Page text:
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Carabao Cup final emotions highlight folly of Super League arrogance

A Wembley final against Tottenham, clinched by Aymeric Laporte‘s late header, is not even City’s most important cup match this week, with Wednesday’s Champions League semi-final first leg against Paris Saint-Germain more significant for everyone at the club.

And yet, as City’s players celebrated in front of their supporters at the final whistle – forming little huddles of celebration, while Guardiola went from man to man hugging them riotously – there was an extra poignance to this triumph, and not just because it was a record fourth League Cup in a row.

This win came at the end of one of the game’s most tumultuous weeks, in a competition that is the crown-jewel of the English Football League and a physical representation of the pyramid, which the owners of City and Spurs conspired to destroy.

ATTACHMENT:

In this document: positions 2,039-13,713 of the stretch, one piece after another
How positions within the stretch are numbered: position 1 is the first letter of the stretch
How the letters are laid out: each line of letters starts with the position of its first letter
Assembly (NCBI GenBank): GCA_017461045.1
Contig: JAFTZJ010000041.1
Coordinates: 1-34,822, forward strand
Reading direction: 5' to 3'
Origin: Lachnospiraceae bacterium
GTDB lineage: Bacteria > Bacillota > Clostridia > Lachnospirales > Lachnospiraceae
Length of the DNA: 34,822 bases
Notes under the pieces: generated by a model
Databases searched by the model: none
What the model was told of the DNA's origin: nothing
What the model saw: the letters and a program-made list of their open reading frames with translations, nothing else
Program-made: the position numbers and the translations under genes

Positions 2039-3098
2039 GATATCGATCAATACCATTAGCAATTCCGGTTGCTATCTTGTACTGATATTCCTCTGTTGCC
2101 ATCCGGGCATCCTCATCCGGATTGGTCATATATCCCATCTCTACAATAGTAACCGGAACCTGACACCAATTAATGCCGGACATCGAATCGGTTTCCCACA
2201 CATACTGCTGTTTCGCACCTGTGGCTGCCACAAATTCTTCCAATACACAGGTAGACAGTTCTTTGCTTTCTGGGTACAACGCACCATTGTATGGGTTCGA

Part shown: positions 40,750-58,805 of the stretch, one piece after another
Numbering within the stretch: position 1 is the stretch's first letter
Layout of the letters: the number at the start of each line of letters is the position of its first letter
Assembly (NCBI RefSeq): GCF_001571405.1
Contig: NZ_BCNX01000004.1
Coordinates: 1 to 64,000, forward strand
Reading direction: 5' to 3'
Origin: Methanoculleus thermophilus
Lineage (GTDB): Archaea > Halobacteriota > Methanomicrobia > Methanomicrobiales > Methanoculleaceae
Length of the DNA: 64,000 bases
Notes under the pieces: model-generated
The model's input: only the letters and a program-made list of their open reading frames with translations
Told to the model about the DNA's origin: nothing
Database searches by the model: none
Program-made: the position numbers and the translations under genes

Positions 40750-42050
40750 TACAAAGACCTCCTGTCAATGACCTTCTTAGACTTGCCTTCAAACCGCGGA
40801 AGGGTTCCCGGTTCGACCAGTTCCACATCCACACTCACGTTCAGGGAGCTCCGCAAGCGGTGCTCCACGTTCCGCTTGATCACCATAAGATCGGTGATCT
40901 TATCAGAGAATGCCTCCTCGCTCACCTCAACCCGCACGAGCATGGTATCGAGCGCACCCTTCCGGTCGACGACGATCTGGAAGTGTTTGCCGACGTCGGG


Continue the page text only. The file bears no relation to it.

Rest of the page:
The League Cup would be been utterly diminished by a closed-shop European Super League, so to see City’s players celebrate in front of 2,000 of their supporters to Oasis’s Wonderwall at Wembley meant something.

Getty Images

Guardiola’s side had to beat Bournemouth, Burnley, Arsenal, Manchester United and finally Spurs – who fought hard but were outclassed – to win this competition.

For all their petrodollars, this was still success fundamentally earned by the players on the field, rather than plotted by their owners in a boardroom.

For Tottenham, fellow collaborators in the failed Super league project, the same sentiments would have held true if they had managed to win a first trophy in 13 years under interim head-coach Ryan Mason.

Tottenham Hotspur FC via Getty Images

The fact their players were so obviously crushed at the final whistle, many dropping to the pitch, only underlined the absurdity of their owners’ arrogance in assuming they could end the spirit of competition.

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